Plant biologists at the Max Planck Institute of Developmental Biology and the University of North Carolina at Chapel Hill have discovered that an autoimmune response, triggered by a small number of genes, can be a barrier to producing a viable offspring.
Studying Arabidopsis thaliana, sometimes called thale cress, the researchers identified a phenotype that, when paired together from a male and female, produced plants that survived only long enough to produce a few leaves, then died -- a phenomenon called hybrid necrosis; literally, death. The dead plants resembled what would result from a mortal infection, despite the absence of a pathogen.
This finding presents a new theory in the development of new species: two plants of the same species fail to reproduce not because of infestation or infection from an outside organism, nor from problems with reproductive organs.
"If two otherwise healthy members of a species cannot produce progeny, they're on a track toward no longer being members of the same species," said Jeff Dangl, Ph.D., John N. Couch professor of biology, microbiology and immunology and associate director of the Carolina Center for Genome Sciences. "This could be a very early event in what will, over time, lead to speciation."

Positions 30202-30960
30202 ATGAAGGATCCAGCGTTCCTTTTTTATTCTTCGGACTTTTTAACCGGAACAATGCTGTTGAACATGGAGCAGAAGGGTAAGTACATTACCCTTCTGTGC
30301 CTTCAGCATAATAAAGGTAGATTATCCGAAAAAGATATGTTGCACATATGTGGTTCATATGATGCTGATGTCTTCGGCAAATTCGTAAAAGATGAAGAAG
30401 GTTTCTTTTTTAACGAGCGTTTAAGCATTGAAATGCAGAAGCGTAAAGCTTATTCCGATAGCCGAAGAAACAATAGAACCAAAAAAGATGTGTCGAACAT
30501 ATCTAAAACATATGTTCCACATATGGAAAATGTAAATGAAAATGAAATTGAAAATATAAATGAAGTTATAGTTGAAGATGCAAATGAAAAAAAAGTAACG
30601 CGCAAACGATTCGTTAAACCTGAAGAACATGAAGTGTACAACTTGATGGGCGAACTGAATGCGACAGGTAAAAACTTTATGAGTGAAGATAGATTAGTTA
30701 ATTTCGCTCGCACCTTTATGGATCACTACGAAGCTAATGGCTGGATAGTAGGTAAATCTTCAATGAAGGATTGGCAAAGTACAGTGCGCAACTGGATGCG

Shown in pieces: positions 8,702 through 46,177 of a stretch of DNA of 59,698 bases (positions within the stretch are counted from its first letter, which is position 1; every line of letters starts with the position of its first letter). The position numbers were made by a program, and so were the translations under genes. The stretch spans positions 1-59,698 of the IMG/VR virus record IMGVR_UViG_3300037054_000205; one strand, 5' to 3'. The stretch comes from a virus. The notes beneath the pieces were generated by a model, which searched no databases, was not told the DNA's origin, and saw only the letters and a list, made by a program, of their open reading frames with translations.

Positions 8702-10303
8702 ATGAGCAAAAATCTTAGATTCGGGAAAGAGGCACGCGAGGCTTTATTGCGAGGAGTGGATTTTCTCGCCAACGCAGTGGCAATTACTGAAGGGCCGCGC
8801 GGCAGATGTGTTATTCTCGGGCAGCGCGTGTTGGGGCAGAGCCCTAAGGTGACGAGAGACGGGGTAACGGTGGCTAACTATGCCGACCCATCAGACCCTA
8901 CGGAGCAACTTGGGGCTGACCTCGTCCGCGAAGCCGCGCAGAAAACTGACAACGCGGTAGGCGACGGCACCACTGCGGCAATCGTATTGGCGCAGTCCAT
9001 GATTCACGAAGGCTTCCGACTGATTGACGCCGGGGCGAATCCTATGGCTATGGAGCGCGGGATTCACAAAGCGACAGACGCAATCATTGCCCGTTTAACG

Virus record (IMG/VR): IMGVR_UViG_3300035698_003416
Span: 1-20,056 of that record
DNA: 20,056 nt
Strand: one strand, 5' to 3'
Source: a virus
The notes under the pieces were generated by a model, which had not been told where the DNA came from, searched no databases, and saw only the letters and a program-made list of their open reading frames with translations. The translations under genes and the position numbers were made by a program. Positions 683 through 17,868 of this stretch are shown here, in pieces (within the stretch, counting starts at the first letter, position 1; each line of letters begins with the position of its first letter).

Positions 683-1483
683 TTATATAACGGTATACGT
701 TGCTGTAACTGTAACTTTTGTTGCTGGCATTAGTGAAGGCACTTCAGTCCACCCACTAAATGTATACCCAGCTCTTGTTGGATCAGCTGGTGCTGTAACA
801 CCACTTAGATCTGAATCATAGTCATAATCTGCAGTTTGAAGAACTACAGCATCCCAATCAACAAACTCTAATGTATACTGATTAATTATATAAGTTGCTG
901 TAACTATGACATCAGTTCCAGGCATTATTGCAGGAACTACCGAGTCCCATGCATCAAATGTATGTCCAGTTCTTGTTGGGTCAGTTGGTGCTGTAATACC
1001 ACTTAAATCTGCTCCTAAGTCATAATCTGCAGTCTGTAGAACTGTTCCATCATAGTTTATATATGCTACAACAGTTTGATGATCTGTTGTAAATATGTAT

The initial finding was serendipitous, Dangl said. Detlef Weigel, at Max Planck, shared with Dangl some photos of Arabidopsis hybrids from a project by Kirsten Bomblies, a postdoctoral fellow in Weigel's lab that was meant to study the timing of flowering.
"I said, 'those look just like autoimmune mutants,'" Dangl recalled.
Bomblies, Weigel and others at Max Planck crossed 280 genetically different strains of Arabidopsis from around the world into 881 different combinations: 2 percent of these crosses gave necrotic offspring. They all had similar gene expression profiles, a group of about 1,000 genes that would typically be expressed as during immune response following infection, or by autoimmune mutants.
Moreover, further analysis revealed that the parents carried healthy genes; their necrotic offspring were not results of genetic disorders. They were the result of a "bad luck" pairing of genetic variants for genes that are normally used to recognize pathogen attack, Dangl said.
"A normal immune system function can give rise to incompatibility in the next generation," Dangl said. And if studies move beyond plants, "I predict it will be the same in animals."
Dangl suggested that the necrotic plant is possibly analogous to a fertilized egg that fails to implant in the uterus. Infertility in couples might be explained by analogous auto-immune genetic profile. "How many couples can't produce progeny, but when they separate and find another mate, they do?"
The study showed "why basic research is so vital," said Dangl, who was elected into the National Academy of Sciences earlier this year. "This was non-outcome oriented research. If we had set out to study hybrid reproduction we would not have found this fascinating system."
The study appears in the Sept. 4, 2007, issue of PLoS Biology.
Materials provided by University of North Carolina at Chapel Hill. Note: Content may be edited for style and length.
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